Following from the last couple ML posts, I’ve been looking at the Integration G data-set. This set has 1734 uploaded compositions (only slightly less than the F data-set). Interestingly, without the filter by in-person attention mechanism (face detection) to determine if a composition is “good” enough to be uploaded, the “good” and “bad” classes are more balanced. i.e. about half the compositions are liked or retweeted. I presume less likes happen over the North American over-night as I’ve observed; hopefully the Hong Kong exhibition will increase the number of followers in the Eastern hemisphere. I should look at the distribution of engagements over night in North America.
If “bad” means no likes or retweets (RTs) and “good” means at least one, then there are ~1000 “good” and ~700 “bad” compositions. Since the classes are fairly balanced I did an initial experiment without re-balancing. Since the aim is to detect “good” compositions, it does not make sense to balance by throwing away those compositions. The results are OK, but the f1-scores are quite inconsistent for “good” and “bad” classes. The average test accuracy was 57% with a peak of 60%. The f1-score for the best performing model from the best search was 72% for “good” but only 29% for “bad”. I suspect this is due to the unbalanced classes and the test split used in that search being lucky (having more “good” or similar to “good” compositions). The best performing model from the worst search attained a test f1-score of 62% for “good” and 43% for “bad”. (The difference between these two searches is only initial weights and different random train/val/test splits).
I tired a different threshold for “good” where the compositions with only 1 like or retweet was considered “bad” and more than 1 was “good”. Compositions with no likes or retweets were removed. This resulted in 1003 training samples, so a significant reduction, with very balanced classes (503 “good” and 500 “bad”). While this resulted in slightly more balanced f1-scores, it also results in lower average accuracy and poorer f1-scores for the “good” class. The average accuracy on test sets was 55% (compared to 57%) with a peak test accuracy of 58% (compared to 60%). This seems consistent, but the details bare out a lack of improvement; for the best model in the best search, the f1-scores are 50% for “good” and 60% for bad, meaning a significant reduction in f1-score for “good” compositions from the previous 72%. The best model from the worst search was very similar, with f1-scores of 58% for “good” and 52% for bad.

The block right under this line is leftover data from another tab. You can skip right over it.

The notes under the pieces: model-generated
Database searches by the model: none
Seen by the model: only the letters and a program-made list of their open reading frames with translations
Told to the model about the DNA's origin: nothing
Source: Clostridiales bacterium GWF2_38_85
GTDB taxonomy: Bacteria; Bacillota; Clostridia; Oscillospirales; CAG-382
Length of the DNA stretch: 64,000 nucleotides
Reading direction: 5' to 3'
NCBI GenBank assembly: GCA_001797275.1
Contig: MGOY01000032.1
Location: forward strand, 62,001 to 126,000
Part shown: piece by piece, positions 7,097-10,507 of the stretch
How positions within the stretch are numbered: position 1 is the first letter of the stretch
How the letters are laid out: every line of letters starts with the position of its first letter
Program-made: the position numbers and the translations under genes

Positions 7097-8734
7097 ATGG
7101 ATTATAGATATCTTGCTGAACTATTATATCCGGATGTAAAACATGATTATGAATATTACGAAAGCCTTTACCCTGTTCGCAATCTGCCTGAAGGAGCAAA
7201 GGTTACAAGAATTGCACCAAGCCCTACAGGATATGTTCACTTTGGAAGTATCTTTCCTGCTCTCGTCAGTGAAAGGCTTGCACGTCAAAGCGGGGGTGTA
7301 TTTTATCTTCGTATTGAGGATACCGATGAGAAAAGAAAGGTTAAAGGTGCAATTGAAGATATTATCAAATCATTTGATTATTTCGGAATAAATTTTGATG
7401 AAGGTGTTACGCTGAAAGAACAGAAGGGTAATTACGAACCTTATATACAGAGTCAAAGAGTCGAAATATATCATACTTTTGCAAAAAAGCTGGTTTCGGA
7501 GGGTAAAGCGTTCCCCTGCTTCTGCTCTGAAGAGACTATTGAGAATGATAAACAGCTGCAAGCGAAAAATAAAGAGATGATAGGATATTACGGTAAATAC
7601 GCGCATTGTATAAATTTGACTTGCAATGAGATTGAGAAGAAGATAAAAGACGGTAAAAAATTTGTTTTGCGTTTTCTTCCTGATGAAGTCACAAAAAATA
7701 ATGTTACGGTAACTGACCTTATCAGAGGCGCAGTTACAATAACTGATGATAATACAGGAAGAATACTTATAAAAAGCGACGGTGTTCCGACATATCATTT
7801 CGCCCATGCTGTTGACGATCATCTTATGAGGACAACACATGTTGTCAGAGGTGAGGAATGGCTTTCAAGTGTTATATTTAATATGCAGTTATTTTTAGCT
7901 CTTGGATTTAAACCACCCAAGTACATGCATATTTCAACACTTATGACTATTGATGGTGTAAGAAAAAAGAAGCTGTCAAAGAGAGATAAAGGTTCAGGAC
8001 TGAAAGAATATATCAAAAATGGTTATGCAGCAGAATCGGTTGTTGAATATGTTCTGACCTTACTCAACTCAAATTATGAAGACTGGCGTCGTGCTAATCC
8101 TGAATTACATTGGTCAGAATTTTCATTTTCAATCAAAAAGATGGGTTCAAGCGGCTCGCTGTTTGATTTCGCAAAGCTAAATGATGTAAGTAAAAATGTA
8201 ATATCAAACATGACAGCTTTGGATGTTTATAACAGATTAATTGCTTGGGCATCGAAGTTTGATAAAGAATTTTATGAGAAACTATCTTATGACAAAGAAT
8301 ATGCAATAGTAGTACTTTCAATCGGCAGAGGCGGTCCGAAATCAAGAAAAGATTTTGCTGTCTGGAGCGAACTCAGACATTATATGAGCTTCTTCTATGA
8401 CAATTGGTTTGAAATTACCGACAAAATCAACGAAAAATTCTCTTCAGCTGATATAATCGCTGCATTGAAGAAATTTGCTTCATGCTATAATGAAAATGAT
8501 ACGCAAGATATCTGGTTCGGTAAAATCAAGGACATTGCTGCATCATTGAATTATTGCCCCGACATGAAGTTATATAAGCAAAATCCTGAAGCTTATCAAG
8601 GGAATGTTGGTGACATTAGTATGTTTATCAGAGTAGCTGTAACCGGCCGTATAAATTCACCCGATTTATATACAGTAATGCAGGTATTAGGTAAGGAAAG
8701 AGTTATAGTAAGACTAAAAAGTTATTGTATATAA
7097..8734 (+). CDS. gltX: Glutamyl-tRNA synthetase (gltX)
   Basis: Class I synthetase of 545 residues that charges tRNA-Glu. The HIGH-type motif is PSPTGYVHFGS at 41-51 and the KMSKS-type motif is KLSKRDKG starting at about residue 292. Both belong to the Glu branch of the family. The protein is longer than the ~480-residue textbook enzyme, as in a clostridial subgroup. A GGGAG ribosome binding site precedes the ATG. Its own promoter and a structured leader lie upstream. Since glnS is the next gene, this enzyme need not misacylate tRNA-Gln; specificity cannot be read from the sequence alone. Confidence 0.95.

The conclusion is that there is no improvement throwing away compositions with no likes and retweets assuming they are seen by less people. So we’re about in the same place, hovering around a 60% accuracy. The current integration test, H, includes a more constrained set of compositions (only circles with only 3 layers) this reduces the number of parameters and constrains the compositions significantly. My hope is that this results in better performance, but I’ll have to wait until it collects a similar number of samples. Before sending the ZF to the crater, there were 342 compositions generated during that test, so there will be quite a wait to generate enough data to compare, especially considering the travel time to and back from HK. So I’m going to set the ML aside again for now.